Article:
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Freedom to choose your own lawyer

This guide was last updated in December 2012.

When an accident at work happens, specialist legal advisers are often instructed straight away to provide assistance in dealing with any investigations undertaken by the police and Health and Safety Executive (HSE). This is usually followed by a notification of the accident to the company's insurers.

However, insurers will often resist attempts by the policyholder to choose its own lawyer and insist that in order for the policyholder to gain the benefit of its legal expenses insurance cover the specialist legal adviser must be replaced by the insurer's own panel lawyers.

This guide explains why insurers cannot dictate who can provide legal representation, and will help policyholders insist to insurers that they are entitled to appoint whomever they wish.

Why is freedom of choice important?

A potential conflict of interest can arise between an insurer and its policyholder in both civil and criminal matters.

In civil matters, the insurer is generally responsible for funding the policyholder's legal fees and any compensation awarded against the insured. There is therefore an obvious commercial incentive for the insurer to concentrate its efforts on reducing compensation to its lowest achievable level while at the same time using the cheapest legal advisers.

In criminal matters, including health and safety prosecutions, the insurer may be responsible for paying the policyholder's legal fees but not for either the prosecution costs awarded by the court or any fine imposed. Therefore there is no commercial incentive for the insurer to encourage spending on specialist lawyers in an effort to reduce the level of fine or damage to the policyholder's reputation. The policyholder's reputation may not be protected by this approach, and in addition it may not be given specialist advice on how to present similar occurrences in the future by a panel lawyer.

The law

The Insurance Companies (Legal Expenses Insurance) Regulations provide a policyholder with the authority to choose who it wishes to instruct as its lawyer under a legal expenses insurance contract or whenever a conflict of interest arises. A conflict of interest will usually arise where the insurer is providing different types of insurance cover, usually both legal expenses and another class of insurance. In such circumstances the Regulations cannot be excluded and a policyholder will be entitled to instruct whomever it wishes as its lawyer.

This is supported in the Solicitors Practice Code: a solicitor's agreement with a third party's restriction on client choice could compromise the solicitor's independence, and may not be in the best interests of a client.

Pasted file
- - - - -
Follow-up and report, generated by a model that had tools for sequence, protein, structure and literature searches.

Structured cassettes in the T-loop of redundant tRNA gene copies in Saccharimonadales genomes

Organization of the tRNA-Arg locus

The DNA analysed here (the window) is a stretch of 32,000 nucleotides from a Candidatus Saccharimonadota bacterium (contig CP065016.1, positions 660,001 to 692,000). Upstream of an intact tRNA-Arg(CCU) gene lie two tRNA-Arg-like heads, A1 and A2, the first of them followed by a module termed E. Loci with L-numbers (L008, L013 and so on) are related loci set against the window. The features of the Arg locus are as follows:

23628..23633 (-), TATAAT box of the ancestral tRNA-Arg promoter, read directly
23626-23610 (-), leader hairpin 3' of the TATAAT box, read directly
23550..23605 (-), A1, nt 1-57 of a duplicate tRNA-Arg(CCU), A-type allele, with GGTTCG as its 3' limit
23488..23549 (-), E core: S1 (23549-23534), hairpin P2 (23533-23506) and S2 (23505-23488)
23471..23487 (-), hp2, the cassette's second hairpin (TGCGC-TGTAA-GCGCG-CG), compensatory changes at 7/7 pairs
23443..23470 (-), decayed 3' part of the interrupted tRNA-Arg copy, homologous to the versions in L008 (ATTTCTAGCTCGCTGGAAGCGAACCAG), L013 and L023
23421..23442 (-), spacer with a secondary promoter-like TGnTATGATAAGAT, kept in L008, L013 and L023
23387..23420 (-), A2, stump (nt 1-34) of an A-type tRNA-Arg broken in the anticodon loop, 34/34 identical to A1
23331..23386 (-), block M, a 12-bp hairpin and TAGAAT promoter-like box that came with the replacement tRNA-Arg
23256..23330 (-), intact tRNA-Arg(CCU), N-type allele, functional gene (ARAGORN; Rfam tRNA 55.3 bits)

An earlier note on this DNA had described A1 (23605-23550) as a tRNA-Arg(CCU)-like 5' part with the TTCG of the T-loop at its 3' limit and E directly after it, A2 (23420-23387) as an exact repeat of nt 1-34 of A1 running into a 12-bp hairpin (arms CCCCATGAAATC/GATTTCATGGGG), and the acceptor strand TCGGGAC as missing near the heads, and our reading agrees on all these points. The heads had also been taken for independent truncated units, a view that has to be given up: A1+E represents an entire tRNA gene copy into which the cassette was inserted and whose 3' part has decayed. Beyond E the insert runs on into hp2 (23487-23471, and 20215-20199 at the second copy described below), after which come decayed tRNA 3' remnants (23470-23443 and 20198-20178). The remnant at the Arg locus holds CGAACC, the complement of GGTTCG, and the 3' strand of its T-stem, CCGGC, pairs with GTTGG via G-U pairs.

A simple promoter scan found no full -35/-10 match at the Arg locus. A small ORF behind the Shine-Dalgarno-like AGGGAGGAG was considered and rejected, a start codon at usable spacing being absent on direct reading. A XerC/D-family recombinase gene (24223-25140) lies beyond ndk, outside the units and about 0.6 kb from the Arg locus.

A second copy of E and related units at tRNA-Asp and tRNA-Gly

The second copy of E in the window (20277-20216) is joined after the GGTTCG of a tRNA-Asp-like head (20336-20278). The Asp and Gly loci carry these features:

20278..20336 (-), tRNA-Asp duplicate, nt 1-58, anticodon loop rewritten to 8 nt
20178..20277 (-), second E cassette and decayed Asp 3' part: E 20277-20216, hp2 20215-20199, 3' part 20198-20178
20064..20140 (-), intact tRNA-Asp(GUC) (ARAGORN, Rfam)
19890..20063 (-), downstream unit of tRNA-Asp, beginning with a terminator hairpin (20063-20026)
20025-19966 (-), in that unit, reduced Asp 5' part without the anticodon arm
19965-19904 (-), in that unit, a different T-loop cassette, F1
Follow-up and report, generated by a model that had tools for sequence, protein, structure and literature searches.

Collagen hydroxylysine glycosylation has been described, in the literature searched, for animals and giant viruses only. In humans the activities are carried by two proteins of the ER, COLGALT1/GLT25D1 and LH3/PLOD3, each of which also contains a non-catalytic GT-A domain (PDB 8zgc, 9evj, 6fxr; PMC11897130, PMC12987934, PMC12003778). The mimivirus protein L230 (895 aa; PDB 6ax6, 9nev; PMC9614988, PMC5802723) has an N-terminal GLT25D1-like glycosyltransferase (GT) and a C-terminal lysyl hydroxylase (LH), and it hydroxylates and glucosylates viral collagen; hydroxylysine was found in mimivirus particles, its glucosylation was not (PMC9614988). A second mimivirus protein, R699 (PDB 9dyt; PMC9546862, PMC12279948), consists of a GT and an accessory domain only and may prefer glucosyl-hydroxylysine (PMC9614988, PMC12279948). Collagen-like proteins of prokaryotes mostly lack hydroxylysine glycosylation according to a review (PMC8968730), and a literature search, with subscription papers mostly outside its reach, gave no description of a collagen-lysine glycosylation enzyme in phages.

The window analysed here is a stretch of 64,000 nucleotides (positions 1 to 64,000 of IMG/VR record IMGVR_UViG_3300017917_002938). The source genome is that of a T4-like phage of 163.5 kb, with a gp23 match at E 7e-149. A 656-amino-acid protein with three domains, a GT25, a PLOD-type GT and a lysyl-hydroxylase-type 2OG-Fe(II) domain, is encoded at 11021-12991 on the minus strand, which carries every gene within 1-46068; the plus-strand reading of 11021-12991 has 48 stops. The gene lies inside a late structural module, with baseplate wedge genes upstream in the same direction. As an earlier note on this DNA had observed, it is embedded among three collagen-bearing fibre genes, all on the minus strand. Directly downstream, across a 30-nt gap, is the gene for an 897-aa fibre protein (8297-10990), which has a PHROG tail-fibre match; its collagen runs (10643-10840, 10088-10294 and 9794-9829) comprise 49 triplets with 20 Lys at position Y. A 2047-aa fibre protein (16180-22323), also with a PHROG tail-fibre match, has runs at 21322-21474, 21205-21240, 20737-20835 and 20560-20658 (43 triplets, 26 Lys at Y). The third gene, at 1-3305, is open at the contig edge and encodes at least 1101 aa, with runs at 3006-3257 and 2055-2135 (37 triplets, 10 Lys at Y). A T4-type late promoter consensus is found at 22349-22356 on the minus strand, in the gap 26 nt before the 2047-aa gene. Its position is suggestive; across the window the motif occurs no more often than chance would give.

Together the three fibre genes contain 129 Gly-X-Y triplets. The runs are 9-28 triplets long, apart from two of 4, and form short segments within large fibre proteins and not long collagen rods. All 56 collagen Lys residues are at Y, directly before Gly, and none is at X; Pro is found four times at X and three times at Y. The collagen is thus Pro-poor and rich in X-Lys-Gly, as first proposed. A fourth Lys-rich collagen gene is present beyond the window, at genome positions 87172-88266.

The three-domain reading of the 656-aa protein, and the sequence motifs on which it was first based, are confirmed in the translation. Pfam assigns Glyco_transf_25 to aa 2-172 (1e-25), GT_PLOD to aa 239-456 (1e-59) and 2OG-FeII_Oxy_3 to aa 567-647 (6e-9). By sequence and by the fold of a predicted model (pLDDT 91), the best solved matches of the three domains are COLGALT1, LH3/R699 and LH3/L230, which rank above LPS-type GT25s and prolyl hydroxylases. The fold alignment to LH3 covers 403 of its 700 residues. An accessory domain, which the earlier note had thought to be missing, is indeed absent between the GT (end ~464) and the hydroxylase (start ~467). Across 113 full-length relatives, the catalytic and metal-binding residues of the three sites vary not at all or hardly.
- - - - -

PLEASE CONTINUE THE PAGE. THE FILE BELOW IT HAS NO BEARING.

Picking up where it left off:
The problem

Although the law appears clear-cut, insurers often refuse to accept that the Regulations apply as this would effectively mean that insurers would be prevented from imposing their own panel of lawyers on their policyholders and be unable to control the supply of legal advice and legal costs. Insurers also argue that insurance policies are difficult to understand and that only its panel lawyers are able to understand the issues involved.

On other occasions insurers insist that they will only indemnify the policyholder at a rate equivalent to the panel lawyer's rate or refuse to agree to meet the costs of the chosen solicitor, even though this refusal to provide indemnity for those costs unfairly restricts the policyholder's choice of legal representation. Whilst this approach has been endorsed by the courts, the Court of Appeal has held that if the rate of remuneration is so low as to render the insured's freedom of choice meaningless, the policy term could be considered void.

Conclusion

Although there may be no question that a panel lawyer is capable of representing the insured in many circumstances, the position is clear: where an insurance company provides general insurance and legal expenses insurance, then it must also provide the freedom for the policyholder to choose its own lawyer.

This becomes even more significant where a substantial amount of work has already been undertaken in investigating the background to the matter, or in taking steps to avoid a prosecution, before the insurer considers whether it wishes to engage a panel lawyer's services. There will be no conflict of interest between the policyholder and the insurer if the policyholder's own lawyers are retained. In addition, such independent lawyers will normally have the necessary expertise and knowledge of the issues and the policyholder's business. It would clearly be inappropriate to instruct lawyers from an insurer's own pre-selected panel after investigations had begun, and it would be generally advisable therefore for insurers to agree to the appointment of the policyholder's choice of lawyer.

The Financial Ombudsman Service has confirmed the above points and also recommended that it is appropriate to use the policyholder's own solicitor in any cases where there is a suggestion of a conflict of interest, or in large and complex matters. Therefore, if an insurer insists on a panel lawyer, the policyholder may be able to refer the matter to the Financial Ombudsman Service. Alternatively, policyholders with a large influence over insurers can of course insist on selecting their own legal advisers failing which insurance cover will be bought elsewhere.

The message to policyholders is clear: do not be afraid to exercise your freedom of choice.